By Kayode Ketefe
Last Thursday, December 5, 2013 witnessed the death of one of the best if not actually the best political icon Africa has ever produced, Nelson Rolihlahha Mandela. The charismatic, anti-apartheid revolutionist, lawyer, activist, politician, philosopher, moralist and philanthropist, was certainly the most respected African that ever lived till date and arguably the greatest black man of all time.
Born in Mvezo, a small village in the district of Umtata on July 18, 1918, and belonging to the Xhosa clan, Mandela early years marked the era when the evils of apartheid were at their sadistic worst. Subjugation, repression, not to mention exploitation of the black aborigines, were the norms by the imperial white minority.
Convinced in the ideology that all men were born equal and endowed by their creator with certain inalienable rights, Mandela, as a young man set himself a goal – he would devote the rest of his life to liberation of his people. It was the struggle for actualisation of this lofty dream that truncated the “normal” course of his life.
As a young man, Mandela was ruled by unquenchable hunger for social reforms and rugged temerity of the likes of late Chief Gani Fawehinmi SAN, who employed law as an instrument to promote public interests. As an old man, Mandela was suffused by the vision, knowledge, insight and political sagacity of late Chief Obafemi Awolowo. What a rare African he was indeed!
The dynamism of his leadership of the Umkonto we Sizwe, which was an armed wing of the African National Congress that mainly engaged in guerilla offensive, got him into trouble with the imperialists.
The then fiercely repressive apartheid government arrested and convicted him on contrived allegation of sabotage and other charges. An unfair hearing was held after which he was sentenced to life imprisonment. For a whopping 27 years that Mandela served in prison, majority of which he spent on Robben Island, his spirit was unbroken. Mandela was irrevocably committed to the vision of liberation of his people and not even the enervating four walls of the prison cell could render the vision blurred.
After his release from prison on 11 February 1990, Mandela plunged into politics and the entire people rallied behind him as he eventually led African National Congress to a predictable landslide electoral victory that culminated in the country first ever multi-racial democracy.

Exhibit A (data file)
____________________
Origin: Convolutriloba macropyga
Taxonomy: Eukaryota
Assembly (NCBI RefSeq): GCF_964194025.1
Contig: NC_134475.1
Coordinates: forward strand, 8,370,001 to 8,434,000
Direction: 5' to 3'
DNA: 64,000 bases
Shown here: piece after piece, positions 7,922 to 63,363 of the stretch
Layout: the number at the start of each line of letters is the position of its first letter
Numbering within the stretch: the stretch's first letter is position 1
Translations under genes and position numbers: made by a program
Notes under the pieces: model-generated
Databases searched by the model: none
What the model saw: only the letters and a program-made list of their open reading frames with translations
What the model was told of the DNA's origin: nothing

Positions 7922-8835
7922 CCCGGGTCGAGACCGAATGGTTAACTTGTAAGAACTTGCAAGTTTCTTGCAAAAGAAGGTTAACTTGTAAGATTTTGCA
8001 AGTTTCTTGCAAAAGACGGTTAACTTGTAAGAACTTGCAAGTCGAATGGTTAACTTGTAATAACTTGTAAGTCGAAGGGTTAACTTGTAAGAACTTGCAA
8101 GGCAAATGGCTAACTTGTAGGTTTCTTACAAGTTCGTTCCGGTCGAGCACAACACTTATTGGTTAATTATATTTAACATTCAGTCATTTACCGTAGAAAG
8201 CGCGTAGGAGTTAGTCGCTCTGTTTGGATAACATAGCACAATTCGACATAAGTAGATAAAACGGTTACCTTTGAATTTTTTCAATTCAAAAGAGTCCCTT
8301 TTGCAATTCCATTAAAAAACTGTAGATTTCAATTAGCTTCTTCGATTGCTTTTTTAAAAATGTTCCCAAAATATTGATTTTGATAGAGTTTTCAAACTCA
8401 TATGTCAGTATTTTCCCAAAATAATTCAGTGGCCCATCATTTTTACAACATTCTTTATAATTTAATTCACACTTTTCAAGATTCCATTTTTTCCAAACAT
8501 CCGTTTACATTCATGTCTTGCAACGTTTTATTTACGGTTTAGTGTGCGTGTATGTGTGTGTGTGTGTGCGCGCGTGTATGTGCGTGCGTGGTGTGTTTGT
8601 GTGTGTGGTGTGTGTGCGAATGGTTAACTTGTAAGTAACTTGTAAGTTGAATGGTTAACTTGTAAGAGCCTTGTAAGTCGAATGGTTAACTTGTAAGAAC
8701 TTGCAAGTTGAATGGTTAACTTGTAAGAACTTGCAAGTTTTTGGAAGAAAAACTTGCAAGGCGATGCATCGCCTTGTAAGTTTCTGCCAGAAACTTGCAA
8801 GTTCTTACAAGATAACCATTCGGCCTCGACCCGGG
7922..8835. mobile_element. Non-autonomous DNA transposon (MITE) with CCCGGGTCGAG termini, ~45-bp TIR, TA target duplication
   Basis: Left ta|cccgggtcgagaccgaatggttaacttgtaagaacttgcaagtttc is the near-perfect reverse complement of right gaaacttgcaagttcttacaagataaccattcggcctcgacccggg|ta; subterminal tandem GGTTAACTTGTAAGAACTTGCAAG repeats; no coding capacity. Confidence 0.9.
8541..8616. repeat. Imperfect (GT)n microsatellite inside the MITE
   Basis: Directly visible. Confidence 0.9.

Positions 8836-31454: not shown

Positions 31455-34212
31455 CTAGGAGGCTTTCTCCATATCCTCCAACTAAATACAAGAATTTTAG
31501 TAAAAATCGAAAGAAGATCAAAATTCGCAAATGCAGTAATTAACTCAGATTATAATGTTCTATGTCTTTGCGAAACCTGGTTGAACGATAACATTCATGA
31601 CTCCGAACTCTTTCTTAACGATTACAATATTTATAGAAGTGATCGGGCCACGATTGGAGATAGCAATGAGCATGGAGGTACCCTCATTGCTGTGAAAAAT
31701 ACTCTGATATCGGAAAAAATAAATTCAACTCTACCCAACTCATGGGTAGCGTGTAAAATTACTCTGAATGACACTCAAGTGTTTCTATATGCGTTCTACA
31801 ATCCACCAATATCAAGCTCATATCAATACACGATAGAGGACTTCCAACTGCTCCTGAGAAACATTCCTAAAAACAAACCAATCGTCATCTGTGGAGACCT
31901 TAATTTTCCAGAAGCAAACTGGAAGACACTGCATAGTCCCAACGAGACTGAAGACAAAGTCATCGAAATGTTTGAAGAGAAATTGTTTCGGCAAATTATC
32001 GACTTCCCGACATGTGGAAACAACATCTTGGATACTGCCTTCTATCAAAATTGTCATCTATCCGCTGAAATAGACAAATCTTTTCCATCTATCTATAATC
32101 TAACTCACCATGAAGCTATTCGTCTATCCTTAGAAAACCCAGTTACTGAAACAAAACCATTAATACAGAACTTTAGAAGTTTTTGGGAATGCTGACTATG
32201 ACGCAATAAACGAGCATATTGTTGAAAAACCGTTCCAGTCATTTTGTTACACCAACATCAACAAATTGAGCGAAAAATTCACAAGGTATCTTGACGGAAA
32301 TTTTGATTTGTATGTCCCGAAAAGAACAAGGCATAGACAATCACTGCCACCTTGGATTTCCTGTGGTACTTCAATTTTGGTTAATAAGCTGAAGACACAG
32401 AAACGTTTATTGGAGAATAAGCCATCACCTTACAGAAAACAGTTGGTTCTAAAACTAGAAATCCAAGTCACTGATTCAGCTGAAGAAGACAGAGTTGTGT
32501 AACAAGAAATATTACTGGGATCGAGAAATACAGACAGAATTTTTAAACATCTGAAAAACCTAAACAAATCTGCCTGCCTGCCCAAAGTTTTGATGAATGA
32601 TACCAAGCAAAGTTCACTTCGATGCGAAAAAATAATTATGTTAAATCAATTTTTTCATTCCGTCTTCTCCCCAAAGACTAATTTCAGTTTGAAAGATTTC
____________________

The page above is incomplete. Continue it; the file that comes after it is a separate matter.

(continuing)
Mandela was elected President in 1994. Rather than engage in any vindictive retaliations of his personal sufferings or the collective oppression and inhumanity suffered by his people, he magnanimously engaged in campaign for forgiveness and reconciliation. This gracious forbearance and humanity endeared him to people all over the globe. Before he eventually departed from this plane of existence, Mandela was the recipient of more than 250 awards worldwide including the Nobel Prize for Peace in 1993.
His birthday has been recognised as “Mandela Day” by no less an organisation than the United Nations which has “canonized” the day as a commemorative global day for volunteer for good causes, thus, his nativity has been entrenched permanently into human history to serve as inspiration for others to engage in laudable selfless service into humanity.
Mandela’s life should be a lesson to political leaders in Africa. He was not a sit-tight politician, despite his popularity; he voluntarily relinquished power in 1999, having only ruled for five years. If any man had a somewhat justifiable excuse for self-perpetuation in office, who else could it be than a man who had spent 27 years of the best part of his life in prison for the cause of the people? But selfish agenda had no place in Mandela’s ideology; his vision transcended mundane considerations that inspire most of African leaders.
Mandela was not a thief; he had nothing in common with the rapacious kleptocrats prowling the political corridors of Africa. Madiba, as he was affectionately called, had no bank accounts in Switzerland, no magnificent residences in London, Washington and Canada – no skyscrapers in major capitals of the world built with stolen money a la majority of African politicians. He was simple, humble and selfless- virtues which are wanting in many others.
May Africa keep producing people like Nelson Mandela, more people like Chief Obafemi Awolowo, Dr Nnamdi Azikwe, Kwame Nkumah, Dr Julius Nyerere, Patrice Lumumba, Leopold Senghor, Thomas Sankara, all these were African prophets, who came with visions for liberating the dark continent and promoting her development.
May the mother continent stop having the likes of Idi Amin, Jean Bedel Bokassa, Houphet Boigny, Robert Mugabe, Samuel Doe, Sani Abacha, Mobutu Sese Seko, Hosni Mubarak and, Muamar Ghadafi.
They are all examples of bad leaders ranging from sit-tight dictators to bloodthirsty sadistic psychopaths.
Today, Madiba is no more having succumbed to debilities of old age, but his life remains an everlasting paragon of excellence for Africans, nay humanity. Let the current African leaders take time to reflect on how their governance would measure if held up to Mandela’s standards.
A final riposte to Nigerian politicians- stop wearing empty agbada and babaringa all about with no tangible achievements to show for it in terms of moving the nation forward; stop neglecting the primary purpose of governance which is the welfare of the people; stop selfish aggrandisement and corrupt enrichment, stop stupid, empty vanity, emulate Mandela!
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